Researchers at University of Pennsylvania’s GRASP Lab (General Robotics, Automation, Sensing and Perception) have recently been working with quadrocopters, perfecting the stability, control, and interaction of these miniature flying helicopters. Now, they have created a system whereby a group of such autonomous quadrocopters can cooperate to construct a rudimentary structure. There are obvious limitations – the size and weight of the beams, the complexity of the final structure, and the need for magnetic joints. Nonetheless, the results are impressive:
It is even more fascinating to consider what such research may eventually lead to. Cranes, tractors, and other vehicles are common in construction today. However, all the modern methods are incredibly labor-intensive and require long periods of time. So why not use robots?
Larger-scale robotic quadrocopters (most likely paired with robotic vehicles of various other specialisations), were some limitations overcome, would be able to work rapidly, efficiently, and literally non-stop. Such an operation would require minimal human supervision, would (theoretically) be faultless, and save money in all aspects.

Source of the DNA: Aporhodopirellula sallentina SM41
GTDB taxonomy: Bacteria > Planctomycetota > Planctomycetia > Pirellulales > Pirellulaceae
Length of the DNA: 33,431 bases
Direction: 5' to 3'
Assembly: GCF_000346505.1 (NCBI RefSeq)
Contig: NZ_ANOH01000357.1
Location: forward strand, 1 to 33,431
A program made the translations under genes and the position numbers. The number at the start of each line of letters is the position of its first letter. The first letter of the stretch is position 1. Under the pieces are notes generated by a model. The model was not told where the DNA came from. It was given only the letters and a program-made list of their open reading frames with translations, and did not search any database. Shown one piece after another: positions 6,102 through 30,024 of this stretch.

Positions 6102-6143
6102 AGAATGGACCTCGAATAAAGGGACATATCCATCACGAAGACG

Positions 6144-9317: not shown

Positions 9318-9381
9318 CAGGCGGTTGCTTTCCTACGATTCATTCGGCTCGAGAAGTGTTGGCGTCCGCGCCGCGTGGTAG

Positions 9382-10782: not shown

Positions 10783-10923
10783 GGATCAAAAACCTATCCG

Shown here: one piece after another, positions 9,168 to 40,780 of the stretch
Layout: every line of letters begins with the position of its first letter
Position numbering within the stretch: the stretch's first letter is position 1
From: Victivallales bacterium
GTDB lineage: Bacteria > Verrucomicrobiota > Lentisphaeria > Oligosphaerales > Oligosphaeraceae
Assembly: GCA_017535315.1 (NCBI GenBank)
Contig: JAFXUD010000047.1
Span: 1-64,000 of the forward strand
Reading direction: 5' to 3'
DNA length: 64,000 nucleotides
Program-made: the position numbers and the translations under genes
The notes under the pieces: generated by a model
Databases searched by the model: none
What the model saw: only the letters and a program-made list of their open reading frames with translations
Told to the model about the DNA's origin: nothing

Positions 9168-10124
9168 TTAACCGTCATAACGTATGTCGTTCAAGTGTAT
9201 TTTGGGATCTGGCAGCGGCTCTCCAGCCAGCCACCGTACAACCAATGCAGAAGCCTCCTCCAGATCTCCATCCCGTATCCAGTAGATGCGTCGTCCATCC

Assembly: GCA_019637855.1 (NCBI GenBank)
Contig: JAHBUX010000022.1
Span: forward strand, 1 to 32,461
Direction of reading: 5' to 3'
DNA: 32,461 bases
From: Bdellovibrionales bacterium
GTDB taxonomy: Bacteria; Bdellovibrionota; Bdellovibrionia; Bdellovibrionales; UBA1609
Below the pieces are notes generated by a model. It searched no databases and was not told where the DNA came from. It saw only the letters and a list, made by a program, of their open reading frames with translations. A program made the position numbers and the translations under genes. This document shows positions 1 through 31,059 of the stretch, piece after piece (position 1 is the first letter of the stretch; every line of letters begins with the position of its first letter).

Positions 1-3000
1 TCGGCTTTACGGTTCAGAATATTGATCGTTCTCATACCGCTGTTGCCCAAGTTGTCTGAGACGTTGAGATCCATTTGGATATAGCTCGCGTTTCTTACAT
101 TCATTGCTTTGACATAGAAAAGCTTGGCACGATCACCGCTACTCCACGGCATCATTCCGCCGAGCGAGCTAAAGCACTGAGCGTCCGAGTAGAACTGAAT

So with a bit of hopeful thinking, such a building method could be deployed in the construction of tomorrow’s metropolis. Furthermore, it may be ideal for the military – swarms of autonomous quadrocopters could land ahead of the ground forces, analyse some pre-prepared architectural plan, modify it in respect to the surrounding landscape, use it to throw together a temporary barracks in record time, and leave with no threat to human life. Perhaps DARPA should take a look.
Meanwhile, the rest of us can wait for the technology to trickle down, and hope that the intelligent, rotor blade-slashing, self-stabilising flying helicopters don’t one day turn against us.[Via Engadget]